Evidence

Significant numbers of students are transferring between institutions before completion. A study by the National Student Clearinghouse Research Center reveals that about one-third of all students change schools at some time before earning a degree. That number is about the same for part-time and full-time students and for those starting at two-year or four-year, public or private institutions. This number is lower for students starting at for-profit institutions. Most often their destination is a two-year institution. In fact, about half of transfers who start at four-year schools transfer to two-year schools, making reverse transfer policies important for a significant number of students. Another National Student Clearinghouse Research Center study found that students transferring from two-year to four-year institutions were more likely to complete a baccalaureate degree within six years than those who started at a four-year institution, and those who earned a credential before transferring were more likely to complete than those who did not earn a credential before transferring.

According to the study by the National Center for Higher Education and Public Policy and The Institute for Higher Education Policy, there is little consensus about how to measure transfer performance, especially at the state level, and different studies using similar databases have reached different conclusions. The study reviews other research on transfer and completion patterns, which generally show that students at two-year institutions who complete a credential before transferring have a higher rate of baccalaureate attainment than those who don’t. The overall levels of student mobility and transfer indicate that policies at a state and institutional level can make a difference in student completion by easing transfer and removing traditional barriers. An analysis of transfer policy in six states—Arkansas, Florida, New Mexico, New York, North Carolina and Texas—found that of the states taking a statewide approach, using financial aid policy to support transfer, and tracking student transfer data, as well as addressing the academic policies, seem to be supporting transfer students to completion more successfully.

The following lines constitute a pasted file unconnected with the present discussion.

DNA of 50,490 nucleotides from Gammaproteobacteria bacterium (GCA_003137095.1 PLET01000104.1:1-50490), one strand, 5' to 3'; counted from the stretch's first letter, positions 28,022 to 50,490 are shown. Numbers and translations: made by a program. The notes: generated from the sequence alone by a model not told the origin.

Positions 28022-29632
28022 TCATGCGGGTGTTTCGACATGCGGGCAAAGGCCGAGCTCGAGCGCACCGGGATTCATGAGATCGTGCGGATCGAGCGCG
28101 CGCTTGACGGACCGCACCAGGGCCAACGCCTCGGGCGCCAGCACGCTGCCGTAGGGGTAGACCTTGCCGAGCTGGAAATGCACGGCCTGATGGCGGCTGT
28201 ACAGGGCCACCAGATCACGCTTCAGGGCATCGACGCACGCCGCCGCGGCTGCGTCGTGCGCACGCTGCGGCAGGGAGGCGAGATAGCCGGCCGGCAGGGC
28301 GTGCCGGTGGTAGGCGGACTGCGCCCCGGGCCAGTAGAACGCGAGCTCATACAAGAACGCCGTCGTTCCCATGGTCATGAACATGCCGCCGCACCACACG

More recently, a 2014 study by the Community College Research Center also looked at the impact of earning an associate degree before transferring to a four-year institution. The study found variations by the type of associate degree earned. Students who earn a “transfer-oriented” associate degree are more likely to earn a bachelor’s degree within four, five and six years, but there was no measurable impact from earning a “workforce-oriented” associate degree designed to ease entry to the workforce.

A 2013 study by the Graduate Center of the City University of New York examined possible reasons why students who begin postsecondary education at two-year institutions are less likely to complete a bachelor’s degree. The researchers found that losing credits in transfer reduces chances of attaining a bachelor’s degree.